Winn's limitations are definitely showing with this second-straight loss after starting his career a perfect 6-0. While I certainly give him props for fighting bigger men, but at 5'7" he's simply too small to be fighting at middleweight (and can you believe he actually fought at light heavyweight before the UFC?!). The biggest narrative through this fight was just that Meerschaert, an improving but still rote striker, frequently landed on him at range simply because he had such a pronounced height and reach advantage. Winn was the quicker man, but he had to cover way too much distance to land, and he'd often have to eat shots to do it. After being more or less dominated in the second round, he was tired and essentially a sitting duck for Meerschaert to pick apart and hurt on the feet, and once the fight hit the ground Winn was too fatigued to fight off the submission attack. It was a solid win for Meerschaert, who is still showing worthwhile improvements, but Winn needs to drop to 170 where his size won't be such a burden on him.

These things happen when you look like a 7th grader compared to your opponent.

Giga Chikadze def. Jamall Emmers by split decision (29-28, 28-29, 29-28)

This was a solid fight. Much like Zabit Magomedsharipov, Chikadze is a slick, flashy striker who is fun to watch for a couple rounds, but tends to slow down due to that style and lose the latter part of the fight big. Chikadze in particular is clearly used to finishing fights early. As such, it was a close fight that Emmers had a case for winning, but it all came down to a pretty even round two. Either way, both men acquitted themselves well and put on a good fight.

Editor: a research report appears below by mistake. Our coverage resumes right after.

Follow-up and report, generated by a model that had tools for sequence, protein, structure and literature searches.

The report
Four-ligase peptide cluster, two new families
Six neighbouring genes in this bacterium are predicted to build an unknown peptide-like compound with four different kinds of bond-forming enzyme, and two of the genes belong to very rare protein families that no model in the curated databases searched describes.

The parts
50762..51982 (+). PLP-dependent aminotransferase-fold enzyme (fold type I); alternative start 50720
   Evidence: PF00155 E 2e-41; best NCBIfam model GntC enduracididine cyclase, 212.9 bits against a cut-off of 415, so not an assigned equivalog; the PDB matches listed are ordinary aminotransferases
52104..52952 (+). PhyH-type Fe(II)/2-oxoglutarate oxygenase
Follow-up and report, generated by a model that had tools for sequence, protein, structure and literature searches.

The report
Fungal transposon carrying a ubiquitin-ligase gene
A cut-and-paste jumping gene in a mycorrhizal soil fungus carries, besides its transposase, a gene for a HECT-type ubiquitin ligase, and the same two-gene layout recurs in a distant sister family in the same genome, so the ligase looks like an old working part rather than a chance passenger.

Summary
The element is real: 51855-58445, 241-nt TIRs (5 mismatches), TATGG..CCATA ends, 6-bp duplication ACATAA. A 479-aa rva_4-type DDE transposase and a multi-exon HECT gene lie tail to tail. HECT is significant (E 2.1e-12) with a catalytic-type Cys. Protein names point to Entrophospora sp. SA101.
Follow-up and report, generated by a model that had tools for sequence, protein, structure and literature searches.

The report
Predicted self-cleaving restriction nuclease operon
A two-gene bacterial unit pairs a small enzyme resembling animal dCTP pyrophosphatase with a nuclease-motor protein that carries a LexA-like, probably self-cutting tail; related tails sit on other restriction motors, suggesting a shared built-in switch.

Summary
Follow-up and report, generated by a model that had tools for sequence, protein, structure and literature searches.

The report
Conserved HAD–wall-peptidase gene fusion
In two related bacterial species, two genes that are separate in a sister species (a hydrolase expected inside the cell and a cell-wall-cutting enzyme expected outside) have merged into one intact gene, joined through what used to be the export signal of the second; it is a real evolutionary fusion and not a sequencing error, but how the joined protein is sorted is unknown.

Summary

Danna Batgerel def. Guido Cannetti by KO via strikes (3:01, R1)

I'm never sure what to expect from Cannetti, as he's surprisingly managed to stick around the UFC since 2014, though I imagine that might not be the case if he had been more active over his tenure. At 40 years old I expect he'll fight for as long as the UFC will continue to have him. This fight might be the nail in the coffin, as it was not only his second-straight stoppage loss, but his first pro knockout loss (he was knocked out on The Ultimate Fighter by Alejandro Perez). Batgerel was on top of him from the beginning, timing Cannetti's kicks and cracking him with counter right hands early and often. That success culminated in a left hand that absolutely waylayed Cannetti and sent him violently to the canvas, where Batgerel swarmed him with punches before the referee stepped in. Great way to start off the night!

And that about does it for UFC 248! It's been a while since I've done a recap, but I figure I have to show up for the pay per views at least! This will likely be a trend from now on, but I'll make sure to get a recap in for a notal Fight Night as well every now and then. For the PPVs, it helps when they're good, and this one pretty much delivered overall. Next up is UFC Fight Night 170, where Kevin Lee and Charles Oliveira will clash in the main event. It's a solid card on paper, so I may just end up doing a recap for that as well. Either way, sado out!